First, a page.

Dr. Sindhu Gupta is a Board certified internist, operating her internal medicine practice in Bronx, New York, along with a physician assistant. But as a community provider participant in the Montefiore Medical Center Pioneer Accountable Care Organization (ACO), Dr. Gupta has many partners helping her to care for her patients. Through the ACO’s Health IT tools, she regularly receives data and alerts about her patients’ health status and to identify opportunities for follow-up to improve quality of care. “They notify me when patients are admitted to the hospital, and after discharge they follow up with the patients and send me the reports,” Dr. Gupta noted. The ACO also sends her notifications when patients need preventive care. “For example, I received a list of about 50 patients who had not received their pneumonia vaccine,” she said, which enabled her practice to contact those patients for an appointment.
In 2011, Montefiore was among 32 institutions nationwide selected to participate in the innovative Pioneer ACO Model. Under the Affordable Care Act, the Centers for Medicare and Medicaid Services (CMS) designed and sponsored the program with the goal of providing Medicare beneficiaries with high-quality care while reducing expenditures through better care coordination. Community physicians like Dr. Gupta serve 60 percent of Montefiore Medicare patients, with the balance cared for by Montefiore’s employed physicians. In its first year of the three-year Pioneer ACO Model, Montefiore achieved a seven percent reduction in the cost of care through increased patient engagement, care coordination and preventive, patient-centered care. “Our first-year results indicate that actively engaging employed and community-based physicians in patients ’continuum of care can lead to better, more cost-effective care for our patients,” said Henry Chung, M.D., chief medical officer of Montefiore’s care management program and of the ACO. “In this system, everyone involved is accountable for guiding each patient toward the best treatments possible, with a goal of creating a healthier community.”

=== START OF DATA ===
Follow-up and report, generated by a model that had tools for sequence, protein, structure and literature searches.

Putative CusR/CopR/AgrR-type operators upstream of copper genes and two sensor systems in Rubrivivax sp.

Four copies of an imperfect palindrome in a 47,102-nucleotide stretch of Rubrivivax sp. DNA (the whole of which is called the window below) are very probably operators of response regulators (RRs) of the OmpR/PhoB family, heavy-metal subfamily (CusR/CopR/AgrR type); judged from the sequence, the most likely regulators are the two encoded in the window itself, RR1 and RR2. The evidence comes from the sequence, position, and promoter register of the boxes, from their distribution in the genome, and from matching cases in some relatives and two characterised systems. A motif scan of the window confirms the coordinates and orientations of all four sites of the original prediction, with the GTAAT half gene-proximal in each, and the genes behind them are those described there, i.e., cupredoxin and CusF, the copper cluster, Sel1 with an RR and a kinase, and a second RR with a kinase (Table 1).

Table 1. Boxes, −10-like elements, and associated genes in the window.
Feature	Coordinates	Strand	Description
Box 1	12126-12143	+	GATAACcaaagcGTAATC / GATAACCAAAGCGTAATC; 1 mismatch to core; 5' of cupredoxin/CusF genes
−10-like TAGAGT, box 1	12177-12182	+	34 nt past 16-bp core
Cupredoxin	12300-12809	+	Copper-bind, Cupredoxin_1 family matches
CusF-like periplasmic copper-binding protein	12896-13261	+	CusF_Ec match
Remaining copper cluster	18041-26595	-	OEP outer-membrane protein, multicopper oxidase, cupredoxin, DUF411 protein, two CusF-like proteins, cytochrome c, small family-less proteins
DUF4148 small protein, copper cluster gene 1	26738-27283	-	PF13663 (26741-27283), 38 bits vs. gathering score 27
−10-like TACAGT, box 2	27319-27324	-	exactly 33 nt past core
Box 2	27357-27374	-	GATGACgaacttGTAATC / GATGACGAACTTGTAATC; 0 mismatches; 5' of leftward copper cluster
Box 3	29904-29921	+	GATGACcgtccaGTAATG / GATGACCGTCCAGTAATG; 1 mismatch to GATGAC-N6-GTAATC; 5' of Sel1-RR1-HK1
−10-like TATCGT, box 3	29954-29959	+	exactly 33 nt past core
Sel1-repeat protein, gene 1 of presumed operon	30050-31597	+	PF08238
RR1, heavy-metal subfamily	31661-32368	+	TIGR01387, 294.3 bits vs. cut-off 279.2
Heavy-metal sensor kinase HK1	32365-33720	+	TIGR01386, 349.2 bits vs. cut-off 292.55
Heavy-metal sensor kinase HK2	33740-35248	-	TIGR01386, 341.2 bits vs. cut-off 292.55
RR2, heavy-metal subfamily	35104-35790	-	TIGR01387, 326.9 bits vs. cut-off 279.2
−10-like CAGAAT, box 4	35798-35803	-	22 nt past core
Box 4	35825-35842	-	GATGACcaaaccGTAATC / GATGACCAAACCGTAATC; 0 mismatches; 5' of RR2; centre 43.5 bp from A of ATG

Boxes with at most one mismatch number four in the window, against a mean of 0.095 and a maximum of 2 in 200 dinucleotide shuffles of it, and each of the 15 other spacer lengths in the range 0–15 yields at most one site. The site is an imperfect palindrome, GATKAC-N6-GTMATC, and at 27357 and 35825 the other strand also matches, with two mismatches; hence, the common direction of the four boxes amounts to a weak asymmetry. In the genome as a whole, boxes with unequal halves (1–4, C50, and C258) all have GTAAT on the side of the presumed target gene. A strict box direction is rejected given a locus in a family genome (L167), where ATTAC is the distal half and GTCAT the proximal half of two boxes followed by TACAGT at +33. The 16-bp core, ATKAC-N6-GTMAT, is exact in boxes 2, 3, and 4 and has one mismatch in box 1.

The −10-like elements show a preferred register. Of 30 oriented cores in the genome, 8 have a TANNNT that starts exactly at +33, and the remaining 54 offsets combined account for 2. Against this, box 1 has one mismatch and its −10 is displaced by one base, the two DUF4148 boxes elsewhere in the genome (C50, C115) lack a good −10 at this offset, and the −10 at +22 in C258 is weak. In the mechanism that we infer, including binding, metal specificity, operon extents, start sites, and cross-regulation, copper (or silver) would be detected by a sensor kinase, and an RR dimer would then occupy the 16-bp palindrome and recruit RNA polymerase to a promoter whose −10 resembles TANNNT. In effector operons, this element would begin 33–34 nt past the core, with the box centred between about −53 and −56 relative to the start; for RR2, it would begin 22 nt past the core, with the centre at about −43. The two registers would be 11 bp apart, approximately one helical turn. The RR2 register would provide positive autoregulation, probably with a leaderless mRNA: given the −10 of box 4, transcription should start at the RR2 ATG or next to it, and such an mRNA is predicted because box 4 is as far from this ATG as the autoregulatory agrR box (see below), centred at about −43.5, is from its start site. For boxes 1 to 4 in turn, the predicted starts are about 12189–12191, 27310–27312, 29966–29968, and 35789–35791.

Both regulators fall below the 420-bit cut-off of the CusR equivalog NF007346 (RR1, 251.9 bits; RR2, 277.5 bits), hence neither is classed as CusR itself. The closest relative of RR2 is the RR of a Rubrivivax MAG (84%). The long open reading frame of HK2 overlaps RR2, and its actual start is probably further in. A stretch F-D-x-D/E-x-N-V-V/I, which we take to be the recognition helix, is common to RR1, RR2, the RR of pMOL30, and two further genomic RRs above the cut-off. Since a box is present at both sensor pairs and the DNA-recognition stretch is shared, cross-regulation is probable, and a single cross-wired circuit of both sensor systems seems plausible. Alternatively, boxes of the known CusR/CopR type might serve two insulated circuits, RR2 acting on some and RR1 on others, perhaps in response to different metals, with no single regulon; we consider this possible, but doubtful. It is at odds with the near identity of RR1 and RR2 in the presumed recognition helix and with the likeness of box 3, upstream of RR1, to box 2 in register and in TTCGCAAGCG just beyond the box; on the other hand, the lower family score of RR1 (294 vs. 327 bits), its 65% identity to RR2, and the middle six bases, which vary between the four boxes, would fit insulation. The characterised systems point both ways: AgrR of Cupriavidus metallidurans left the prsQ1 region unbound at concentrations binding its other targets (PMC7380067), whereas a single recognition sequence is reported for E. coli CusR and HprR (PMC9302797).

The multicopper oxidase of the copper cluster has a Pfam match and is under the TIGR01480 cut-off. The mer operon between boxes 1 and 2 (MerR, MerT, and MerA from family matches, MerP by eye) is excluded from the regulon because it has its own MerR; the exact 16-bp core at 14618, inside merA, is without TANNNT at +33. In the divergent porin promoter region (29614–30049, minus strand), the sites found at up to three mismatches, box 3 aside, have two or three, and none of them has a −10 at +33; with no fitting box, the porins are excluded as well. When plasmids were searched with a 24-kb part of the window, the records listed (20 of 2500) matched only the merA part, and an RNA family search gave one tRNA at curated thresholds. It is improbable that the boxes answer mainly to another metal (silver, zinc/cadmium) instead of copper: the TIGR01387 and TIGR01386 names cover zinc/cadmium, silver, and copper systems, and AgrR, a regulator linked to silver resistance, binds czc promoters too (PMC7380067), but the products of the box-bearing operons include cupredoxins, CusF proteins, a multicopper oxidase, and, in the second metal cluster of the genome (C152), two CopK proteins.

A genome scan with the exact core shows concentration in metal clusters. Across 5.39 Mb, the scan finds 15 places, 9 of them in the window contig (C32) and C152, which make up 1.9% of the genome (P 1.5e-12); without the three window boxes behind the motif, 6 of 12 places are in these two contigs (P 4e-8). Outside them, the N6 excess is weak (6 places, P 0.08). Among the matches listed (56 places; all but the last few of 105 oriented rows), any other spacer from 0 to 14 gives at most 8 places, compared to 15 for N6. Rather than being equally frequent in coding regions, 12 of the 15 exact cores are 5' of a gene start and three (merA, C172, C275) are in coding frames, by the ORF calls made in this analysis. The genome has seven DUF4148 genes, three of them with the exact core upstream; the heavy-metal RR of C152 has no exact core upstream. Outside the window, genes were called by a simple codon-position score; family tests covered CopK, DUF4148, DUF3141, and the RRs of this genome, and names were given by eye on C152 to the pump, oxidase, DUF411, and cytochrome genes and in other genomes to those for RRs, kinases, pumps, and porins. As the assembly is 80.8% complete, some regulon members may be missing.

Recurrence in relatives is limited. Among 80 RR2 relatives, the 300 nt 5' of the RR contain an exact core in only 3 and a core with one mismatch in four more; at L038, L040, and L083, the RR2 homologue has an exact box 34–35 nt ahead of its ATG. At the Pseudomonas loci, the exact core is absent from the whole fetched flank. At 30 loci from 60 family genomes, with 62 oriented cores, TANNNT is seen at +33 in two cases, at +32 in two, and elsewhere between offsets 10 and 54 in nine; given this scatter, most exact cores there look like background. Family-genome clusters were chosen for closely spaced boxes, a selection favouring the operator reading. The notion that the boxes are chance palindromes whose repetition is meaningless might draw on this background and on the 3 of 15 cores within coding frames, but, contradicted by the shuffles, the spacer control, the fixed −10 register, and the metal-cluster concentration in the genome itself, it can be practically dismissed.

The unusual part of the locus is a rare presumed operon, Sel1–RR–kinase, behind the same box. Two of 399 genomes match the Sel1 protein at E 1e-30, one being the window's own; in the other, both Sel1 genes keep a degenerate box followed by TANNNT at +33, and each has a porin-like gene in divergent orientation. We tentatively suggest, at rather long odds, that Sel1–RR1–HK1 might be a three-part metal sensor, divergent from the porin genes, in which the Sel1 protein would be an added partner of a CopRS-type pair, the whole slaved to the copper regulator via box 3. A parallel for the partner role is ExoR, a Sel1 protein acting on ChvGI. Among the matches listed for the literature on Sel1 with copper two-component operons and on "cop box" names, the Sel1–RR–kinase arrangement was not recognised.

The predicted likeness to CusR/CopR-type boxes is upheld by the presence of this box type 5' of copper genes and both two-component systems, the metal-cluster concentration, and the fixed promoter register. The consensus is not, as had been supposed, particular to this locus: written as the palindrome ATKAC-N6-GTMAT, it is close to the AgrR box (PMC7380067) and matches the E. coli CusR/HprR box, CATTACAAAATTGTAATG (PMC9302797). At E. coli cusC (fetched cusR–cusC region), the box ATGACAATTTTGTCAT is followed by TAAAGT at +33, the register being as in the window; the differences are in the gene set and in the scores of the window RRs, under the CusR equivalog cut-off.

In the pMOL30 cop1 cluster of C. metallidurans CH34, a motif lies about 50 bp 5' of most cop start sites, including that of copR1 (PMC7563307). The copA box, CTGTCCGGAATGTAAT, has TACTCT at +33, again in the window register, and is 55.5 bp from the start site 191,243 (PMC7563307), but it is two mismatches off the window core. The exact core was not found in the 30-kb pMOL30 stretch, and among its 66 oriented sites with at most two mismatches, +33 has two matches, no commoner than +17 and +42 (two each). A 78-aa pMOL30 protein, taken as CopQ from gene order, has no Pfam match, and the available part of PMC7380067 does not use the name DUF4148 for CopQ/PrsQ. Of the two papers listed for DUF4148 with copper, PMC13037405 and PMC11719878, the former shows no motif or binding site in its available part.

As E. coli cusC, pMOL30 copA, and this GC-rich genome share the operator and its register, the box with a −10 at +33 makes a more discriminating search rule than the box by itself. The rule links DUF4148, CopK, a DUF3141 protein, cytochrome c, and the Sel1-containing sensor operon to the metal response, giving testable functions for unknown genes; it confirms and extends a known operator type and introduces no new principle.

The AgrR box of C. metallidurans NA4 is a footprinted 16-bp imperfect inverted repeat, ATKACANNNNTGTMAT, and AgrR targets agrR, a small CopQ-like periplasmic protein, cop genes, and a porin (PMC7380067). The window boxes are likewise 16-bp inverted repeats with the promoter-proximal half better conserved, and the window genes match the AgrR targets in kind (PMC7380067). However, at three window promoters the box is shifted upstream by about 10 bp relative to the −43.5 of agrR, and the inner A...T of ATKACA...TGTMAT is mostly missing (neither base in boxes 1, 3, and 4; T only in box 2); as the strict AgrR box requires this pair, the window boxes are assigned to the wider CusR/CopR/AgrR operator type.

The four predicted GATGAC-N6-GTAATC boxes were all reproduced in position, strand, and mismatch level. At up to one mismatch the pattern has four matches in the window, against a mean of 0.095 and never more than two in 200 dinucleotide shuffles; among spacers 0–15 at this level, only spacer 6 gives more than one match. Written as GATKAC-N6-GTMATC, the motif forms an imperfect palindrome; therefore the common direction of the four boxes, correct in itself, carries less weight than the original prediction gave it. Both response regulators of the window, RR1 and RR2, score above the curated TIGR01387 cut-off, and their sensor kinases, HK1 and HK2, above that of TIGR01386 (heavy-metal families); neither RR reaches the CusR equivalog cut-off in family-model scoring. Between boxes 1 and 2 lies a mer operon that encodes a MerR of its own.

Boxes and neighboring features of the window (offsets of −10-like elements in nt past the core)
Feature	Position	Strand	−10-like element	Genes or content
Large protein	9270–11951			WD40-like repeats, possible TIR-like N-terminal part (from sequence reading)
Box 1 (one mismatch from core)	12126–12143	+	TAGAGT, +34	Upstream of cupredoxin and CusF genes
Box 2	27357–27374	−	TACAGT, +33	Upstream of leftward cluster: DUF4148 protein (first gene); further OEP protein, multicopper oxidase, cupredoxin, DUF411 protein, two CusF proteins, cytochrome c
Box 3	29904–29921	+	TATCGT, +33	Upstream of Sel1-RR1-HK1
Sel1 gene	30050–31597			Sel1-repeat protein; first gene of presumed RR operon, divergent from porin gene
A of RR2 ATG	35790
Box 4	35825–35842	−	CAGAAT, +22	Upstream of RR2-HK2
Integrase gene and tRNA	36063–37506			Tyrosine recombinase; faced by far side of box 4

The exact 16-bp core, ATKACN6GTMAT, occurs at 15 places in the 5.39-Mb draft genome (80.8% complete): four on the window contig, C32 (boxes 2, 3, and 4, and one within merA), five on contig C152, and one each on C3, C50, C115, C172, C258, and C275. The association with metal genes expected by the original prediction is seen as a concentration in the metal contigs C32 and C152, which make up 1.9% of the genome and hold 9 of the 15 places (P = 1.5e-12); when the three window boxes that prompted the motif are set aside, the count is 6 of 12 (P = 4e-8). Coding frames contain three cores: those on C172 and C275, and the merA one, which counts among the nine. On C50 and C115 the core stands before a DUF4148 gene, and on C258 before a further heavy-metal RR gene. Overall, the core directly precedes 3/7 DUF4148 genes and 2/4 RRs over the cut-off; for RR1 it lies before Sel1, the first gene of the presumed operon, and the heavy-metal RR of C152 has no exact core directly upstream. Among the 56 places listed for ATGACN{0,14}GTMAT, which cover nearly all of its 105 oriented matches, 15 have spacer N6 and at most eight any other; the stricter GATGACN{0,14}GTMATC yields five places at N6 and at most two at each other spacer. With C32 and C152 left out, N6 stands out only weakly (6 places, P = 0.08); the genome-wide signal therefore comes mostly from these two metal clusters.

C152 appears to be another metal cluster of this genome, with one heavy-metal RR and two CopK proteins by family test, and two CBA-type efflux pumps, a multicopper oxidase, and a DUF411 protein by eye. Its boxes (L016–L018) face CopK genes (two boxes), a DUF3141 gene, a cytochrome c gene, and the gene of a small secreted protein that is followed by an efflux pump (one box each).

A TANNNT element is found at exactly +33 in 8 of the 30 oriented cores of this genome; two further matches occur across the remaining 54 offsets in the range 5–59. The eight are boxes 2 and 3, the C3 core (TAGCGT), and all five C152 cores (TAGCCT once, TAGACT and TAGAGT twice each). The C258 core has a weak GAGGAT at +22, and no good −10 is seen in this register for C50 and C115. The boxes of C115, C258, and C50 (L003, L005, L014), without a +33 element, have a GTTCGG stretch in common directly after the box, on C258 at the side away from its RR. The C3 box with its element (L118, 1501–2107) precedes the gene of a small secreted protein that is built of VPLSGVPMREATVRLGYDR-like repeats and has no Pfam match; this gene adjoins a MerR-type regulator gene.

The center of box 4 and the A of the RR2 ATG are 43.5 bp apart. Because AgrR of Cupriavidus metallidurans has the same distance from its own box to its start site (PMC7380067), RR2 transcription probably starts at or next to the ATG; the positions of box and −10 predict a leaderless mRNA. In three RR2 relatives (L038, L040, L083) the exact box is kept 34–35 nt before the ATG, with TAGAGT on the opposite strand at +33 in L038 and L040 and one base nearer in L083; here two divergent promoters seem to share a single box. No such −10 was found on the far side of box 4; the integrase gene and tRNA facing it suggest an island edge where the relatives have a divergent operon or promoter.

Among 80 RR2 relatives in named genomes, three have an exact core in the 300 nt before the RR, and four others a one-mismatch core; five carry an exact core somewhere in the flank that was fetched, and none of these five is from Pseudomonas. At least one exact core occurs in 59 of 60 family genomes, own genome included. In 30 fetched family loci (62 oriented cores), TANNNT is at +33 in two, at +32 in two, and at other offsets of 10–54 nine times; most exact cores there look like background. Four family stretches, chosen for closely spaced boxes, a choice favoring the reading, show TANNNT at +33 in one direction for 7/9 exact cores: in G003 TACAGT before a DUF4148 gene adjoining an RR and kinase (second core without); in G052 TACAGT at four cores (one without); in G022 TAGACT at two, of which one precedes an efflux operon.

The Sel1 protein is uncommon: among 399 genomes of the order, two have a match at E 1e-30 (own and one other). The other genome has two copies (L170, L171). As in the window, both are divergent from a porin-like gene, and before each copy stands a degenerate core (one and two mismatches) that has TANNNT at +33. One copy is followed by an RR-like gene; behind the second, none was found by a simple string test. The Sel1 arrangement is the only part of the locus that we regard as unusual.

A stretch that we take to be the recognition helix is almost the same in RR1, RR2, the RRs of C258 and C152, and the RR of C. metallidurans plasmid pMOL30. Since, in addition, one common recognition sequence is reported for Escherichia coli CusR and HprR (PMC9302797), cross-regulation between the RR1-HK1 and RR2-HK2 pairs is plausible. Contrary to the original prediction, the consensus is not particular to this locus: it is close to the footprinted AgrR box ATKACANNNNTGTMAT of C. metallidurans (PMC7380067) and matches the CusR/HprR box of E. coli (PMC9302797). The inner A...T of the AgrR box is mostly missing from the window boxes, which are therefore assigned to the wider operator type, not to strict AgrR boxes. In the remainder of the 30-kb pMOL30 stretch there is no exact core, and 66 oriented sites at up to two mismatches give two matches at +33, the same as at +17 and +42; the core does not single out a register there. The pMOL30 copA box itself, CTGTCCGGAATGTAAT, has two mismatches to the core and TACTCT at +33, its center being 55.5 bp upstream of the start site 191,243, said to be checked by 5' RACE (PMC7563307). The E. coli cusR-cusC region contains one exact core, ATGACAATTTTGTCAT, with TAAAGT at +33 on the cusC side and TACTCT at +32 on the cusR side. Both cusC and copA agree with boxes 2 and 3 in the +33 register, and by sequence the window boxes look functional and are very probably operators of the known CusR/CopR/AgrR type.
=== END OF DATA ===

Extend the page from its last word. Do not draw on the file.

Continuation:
For Dr. Gupta, involvement in the ACO is one of the tangible ways she is using her electronic health record (EHR) to transform her practice and enhance patient care. On her journey to implement the EHR, she has the guidance and support of another set of partners: the team at NYC REACH, the New York region’s Regional Extension Center. “NYC REACH is very helpful, guiding us in what to do and what not to do,” she said. “For example, they taught me how to make order sets and templates that are very useful to me for things like the annual physical.” NYC REACH also provided guidance about how to use the EHR to pull lists of patients who need follow-up, for example, by identifying diabetic patients at specific blood pressure and A1C levels that warrant closer care management.